Or maybe, that was just how He planned it all along. Perhaps, in His divine purpose, Jesus chose the stable as His birthplace and a manger as his bed to make a statement that no place is too lowly for Him. Not the slums of the city or the farthest backroads of the country. Not a crack house or a bar or a brothel.  And I believe he wanted to assure humanity that no person is too sinful for Him. Not an alcoholic or drug addict. Not the girl who had an abortion or the young man who sits in a prison cell. Not the woman with the worst reputation in town nor the man who drove away everyone who ever loved him. Not me. Not even you.

Aren’t you glad to know that there is no place that is too smelly or ugly that Jesus will not go? There is no person too far gone that Jesus cannot love.  The Bible says His closest friends were smelly fishermen and hated tax collectors and healed demoniacs and lepers and people at the lowest rungs of society.  I think there was no room in the inn because Jesus wanted to show that there was enough room in His heart for the whole world – wherever and whomever you are.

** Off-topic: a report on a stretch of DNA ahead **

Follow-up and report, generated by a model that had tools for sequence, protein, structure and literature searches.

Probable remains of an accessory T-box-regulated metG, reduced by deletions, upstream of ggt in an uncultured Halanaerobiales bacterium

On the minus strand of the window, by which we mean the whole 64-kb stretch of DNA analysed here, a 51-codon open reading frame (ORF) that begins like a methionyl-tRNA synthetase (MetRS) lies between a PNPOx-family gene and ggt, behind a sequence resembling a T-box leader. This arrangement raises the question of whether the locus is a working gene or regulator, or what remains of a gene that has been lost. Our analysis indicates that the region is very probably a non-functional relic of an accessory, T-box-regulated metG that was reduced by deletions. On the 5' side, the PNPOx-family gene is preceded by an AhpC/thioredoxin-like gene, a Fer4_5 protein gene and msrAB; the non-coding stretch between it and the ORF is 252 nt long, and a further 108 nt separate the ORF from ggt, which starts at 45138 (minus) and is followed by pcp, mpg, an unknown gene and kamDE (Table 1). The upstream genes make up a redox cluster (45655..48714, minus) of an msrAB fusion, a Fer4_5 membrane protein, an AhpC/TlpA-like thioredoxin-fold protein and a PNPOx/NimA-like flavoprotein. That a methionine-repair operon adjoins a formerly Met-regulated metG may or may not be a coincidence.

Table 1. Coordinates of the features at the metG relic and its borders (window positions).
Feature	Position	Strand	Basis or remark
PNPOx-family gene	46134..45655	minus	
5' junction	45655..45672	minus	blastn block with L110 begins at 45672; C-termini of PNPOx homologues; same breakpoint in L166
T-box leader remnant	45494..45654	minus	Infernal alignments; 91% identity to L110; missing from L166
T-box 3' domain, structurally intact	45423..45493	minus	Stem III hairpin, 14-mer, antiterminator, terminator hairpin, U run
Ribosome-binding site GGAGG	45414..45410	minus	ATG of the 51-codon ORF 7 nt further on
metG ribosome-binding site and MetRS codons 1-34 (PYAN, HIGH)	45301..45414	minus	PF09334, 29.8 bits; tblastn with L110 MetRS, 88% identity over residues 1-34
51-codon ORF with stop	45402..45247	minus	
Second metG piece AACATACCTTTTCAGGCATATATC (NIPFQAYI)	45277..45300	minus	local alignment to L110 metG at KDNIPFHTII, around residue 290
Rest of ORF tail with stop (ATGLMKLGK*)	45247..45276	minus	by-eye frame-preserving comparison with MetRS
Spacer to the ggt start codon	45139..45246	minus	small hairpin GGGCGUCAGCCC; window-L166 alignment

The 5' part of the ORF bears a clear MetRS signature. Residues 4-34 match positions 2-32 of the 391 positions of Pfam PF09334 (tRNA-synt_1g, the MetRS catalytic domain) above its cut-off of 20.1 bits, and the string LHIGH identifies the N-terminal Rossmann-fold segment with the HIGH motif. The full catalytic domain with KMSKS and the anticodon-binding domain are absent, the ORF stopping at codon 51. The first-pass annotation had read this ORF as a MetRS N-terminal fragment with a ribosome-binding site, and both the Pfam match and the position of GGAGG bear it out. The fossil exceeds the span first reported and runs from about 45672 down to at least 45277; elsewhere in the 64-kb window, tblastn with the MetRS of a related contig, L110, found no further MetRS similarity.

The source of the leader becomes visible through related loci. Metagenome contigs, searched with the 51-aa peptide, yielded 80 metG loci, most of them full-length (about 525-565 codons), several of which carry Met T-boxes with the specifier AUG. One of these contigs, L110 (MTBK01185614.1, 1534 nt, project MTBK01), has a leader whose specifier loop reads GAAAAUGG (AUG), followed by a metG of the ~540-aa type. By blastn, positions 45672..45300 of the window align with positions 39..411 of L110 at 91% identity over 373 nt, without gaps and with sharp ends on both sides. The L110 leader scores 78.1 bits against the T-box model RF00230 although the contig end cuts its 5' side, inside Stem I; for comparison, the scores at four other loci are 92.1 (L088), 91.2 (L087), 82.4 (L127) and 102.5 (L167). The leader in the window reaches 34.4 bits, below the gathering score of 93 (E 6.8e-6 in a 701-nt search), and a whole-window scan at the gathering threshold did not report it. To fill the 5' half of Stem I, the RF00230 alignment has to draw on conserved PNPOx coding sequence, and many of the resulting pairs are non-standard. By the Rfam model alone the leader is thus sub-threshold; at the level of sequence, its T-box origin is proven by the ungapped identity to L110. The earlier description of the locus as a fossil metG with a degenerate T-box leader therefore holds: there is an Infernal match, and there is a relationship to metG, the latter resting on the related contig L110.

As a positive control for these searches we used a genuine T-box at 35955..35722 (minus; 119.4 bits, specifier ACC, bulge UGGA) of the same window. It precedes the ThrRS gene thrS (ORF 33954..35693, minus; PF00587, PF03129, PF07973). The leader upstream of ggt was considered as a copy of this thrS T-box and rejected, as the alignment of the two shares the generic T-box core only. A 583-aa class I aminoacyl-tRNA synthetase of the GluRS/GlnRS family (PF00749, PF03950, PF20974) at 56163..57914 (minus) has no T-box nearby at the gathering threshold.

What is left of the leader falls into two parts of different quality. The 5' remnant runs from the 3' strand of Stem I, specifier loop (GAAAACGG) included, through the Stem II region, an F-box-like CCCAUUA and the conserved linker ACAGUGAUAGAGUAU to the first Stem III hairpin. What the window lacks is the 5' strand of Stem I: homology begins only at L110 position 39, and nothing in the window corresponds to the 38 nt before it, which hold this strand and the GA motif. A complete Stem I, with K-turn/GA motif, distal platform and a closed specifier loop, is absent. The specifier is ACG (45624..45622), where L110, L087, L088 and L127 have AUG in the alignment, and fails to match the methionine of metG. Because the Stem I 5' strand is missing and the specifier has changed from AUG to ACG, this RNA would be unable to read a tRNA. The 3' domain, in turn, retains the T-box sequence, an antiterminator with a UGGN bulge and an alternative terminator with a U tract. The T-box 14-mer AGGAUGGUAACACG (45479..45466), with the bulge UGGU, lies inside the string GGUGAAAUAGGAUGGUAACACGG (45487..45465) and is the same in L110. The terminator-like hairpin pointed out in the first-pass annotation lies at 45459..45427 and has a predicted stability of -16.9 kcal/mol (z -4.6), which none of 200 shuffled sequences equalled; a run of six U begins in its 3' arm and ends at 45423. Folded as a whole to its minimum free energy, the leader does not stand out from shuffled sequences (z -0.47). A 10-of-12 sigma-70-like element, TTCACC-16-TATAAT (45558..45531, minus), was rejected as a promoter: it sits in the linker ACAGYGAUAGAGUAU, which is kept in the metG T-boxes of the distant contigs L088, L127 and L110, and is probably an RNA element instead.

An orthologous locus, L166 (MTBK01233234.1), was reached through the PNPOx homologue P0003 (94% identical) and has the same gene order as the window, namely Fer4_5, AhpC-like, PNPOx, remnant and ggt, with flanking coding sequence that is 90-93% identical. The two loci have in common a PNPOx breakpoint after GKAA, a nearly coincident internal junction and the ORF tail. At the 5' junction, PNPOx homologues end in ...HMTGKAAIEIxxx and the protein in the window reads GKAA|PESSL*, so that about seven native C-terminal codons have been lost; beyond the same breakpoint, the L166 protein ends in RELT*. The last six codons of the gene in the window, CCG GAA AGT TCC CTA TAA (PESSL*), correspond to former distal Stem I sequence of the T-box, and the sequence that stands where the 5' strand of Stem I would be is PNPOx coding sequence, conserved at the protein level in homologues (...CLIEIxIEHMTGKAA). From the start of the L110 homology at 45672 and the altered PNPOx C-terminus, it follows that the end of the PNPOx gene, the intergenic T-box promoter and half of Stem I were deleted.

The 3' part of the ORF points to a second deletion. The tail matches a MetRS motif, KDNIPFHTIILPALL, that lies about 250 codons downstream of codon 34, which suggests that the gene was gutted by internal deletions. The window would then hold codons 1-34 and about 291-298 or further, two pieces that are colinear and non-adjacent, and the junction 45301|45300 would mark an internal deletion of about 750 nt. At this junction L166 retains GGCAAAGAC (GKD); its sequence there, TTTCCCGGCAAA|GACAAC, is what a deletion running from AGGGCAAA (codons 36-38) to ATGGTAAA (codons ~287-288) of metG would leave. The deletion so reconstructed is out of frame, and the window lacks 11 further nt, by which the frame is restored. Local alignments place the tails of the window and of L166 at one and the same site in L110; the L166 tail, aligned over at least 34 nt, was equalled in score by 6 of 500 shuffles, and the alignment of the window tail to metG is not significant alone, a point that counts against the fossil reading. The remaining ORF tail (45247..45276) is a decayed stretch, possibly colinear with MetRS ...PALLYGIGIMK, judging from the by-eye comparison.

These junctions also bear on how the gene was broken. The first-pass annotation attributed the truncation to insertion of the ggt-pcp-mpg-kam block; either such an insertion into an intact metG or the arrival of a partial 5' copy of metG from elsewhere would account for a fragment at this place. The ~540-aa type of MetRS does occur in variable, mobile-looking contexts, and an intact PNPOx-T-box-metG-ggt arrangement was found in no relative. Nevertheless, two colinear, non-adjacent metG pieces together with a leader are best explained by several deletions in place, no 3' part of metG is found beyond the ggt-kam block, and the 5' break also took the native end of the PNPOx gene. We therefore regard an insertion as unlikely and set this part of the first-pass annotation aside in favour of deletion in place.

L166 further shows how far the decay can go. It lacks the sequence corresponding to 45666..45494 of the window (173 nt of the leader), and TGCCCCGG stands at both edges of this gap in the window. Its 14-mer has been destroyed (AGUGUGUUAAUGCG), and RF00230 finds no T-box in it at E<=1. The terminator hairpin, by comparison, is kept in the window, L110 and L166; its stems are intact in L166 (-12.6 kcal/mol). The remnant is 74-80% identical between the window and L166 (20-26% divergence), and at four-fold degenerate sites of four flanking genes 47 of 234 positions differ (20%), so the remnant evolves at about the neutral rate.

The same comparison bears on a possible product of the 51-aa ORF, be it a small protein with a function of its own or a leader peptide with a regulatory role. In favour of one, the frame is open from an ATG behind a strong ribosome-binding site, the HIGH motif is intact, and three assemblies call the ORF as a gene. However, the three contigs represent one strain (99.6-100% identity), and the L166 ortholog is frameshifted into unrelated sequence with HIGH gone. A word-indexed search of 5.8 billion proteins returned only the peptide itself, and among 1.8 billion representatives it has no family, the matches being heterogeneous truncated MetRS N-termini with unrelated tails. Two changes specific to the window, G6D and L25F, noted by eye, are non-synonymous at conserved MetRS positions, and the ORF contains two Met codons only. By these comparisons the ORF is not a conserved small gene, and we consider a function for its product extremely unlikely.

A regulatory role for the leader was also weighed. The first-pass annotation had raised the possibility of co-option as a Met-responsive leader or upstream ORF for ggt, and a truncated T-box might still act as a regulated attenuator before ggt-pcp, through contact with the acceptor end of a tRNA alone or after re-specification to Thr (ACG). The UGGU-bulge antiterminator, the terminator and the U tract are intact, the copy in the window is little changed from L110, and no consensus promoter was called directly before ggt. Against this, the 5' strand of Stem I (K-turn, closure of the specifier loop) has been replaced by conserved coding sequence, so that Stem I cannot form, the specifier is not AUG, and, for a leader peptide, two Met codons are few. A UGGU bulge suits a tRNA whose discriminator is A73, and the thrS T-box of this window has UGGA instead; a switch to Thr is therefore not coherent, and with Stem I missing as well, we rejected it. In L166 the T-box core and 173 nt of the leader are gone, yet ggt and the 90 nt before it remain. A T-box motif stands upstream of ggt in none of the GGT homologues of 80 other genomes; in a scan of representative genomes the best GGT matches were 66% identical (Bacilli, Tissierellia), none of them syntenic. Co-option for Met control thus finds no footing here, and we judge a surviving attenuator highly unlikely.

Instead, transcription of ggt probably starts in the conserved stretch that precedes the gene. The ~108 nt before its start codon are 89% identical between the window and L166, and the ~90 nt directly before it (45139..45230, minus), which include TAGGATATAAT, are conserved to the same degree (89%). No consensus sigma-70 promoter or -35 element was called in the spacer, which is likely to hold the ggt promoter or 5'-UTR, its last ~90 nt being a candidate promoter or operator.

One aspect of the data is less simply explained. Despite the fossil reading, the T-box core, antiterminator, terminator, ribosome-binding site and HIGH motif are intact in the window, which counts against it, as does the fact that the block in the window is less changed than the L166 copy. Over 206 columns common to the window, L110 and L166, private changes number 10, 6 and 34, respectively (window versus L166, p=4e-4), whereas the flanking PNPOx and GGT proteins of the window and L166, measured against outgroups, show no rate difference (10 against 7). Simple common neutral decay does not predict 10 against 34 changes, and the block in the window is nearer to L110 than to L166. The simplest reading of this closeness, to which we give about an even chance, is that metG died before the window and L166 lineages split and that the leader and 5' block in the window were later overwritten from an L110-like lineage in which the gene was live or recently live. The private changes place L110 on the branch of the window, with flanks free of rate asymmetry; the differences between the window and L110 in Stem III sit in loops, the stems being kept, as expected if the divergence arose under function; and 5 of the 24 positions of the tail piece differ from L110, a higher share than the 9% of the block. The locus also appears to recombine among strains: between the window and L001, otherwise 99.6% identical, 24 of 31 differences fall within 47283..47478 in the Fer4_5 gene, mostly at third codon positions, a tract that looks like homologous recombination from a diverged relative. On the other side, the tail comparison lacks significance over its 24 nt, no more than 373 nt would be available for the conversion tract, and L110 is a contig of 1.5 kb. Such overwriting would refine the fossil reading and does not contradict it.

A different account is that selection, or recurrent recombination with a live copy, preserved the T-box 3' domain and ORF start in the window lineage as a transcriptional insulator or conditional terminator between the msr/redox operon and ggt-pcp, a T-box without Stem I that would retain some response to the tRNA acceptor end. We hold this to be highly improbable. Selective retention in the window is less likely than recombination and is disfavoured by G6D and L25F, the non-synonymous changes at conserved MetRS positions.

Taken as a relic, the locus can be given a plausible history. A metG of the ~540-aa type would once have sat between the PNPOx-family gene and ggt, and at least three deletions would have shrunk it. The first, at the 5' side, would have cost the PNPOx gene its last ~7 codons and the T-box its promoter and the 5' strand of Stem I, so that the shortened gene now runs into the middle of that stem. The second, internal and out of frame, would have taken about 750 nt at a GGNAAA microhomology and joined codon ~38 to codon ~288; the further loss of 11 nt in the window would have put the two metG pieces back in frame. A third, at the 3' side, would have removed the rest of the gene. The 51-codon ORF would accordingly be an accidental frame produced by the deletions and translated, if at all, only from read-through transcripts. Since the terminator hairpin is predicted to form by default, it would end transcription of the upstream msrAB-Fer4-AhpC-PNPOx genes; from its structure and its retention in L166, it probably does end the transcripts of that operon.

Little King

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Solomon was considered one of the greatest kings of Israel. The son of King David, he inherited the kingdom and spread out his rule for many, many miles and amassed an unfathomable amount of wealth. He sat upon an enormous throne of gold and ivory. Silver was inconsequential in Jerusalem during Solomon’s reign because the king and the city were so incredibly wealthy. Solomon was born in a king’s palace and his destiny was the throne. Though he was considered wise and good to his subjects, his own wants and needs always took precedent. He never knew poverty or want and could fulfill his every desire and whim. He was born and bred to be a king.

Paul paints a contrasting picture when he said that “Jesus Christ, who, being in very nature God, did not consider equality with God something to be grasped, but made himself nothing, taking the very nature of a servant, being made in human likeness. And being found in appearance as a man, He humbled Himself . . .” (Philippians 2:6-8).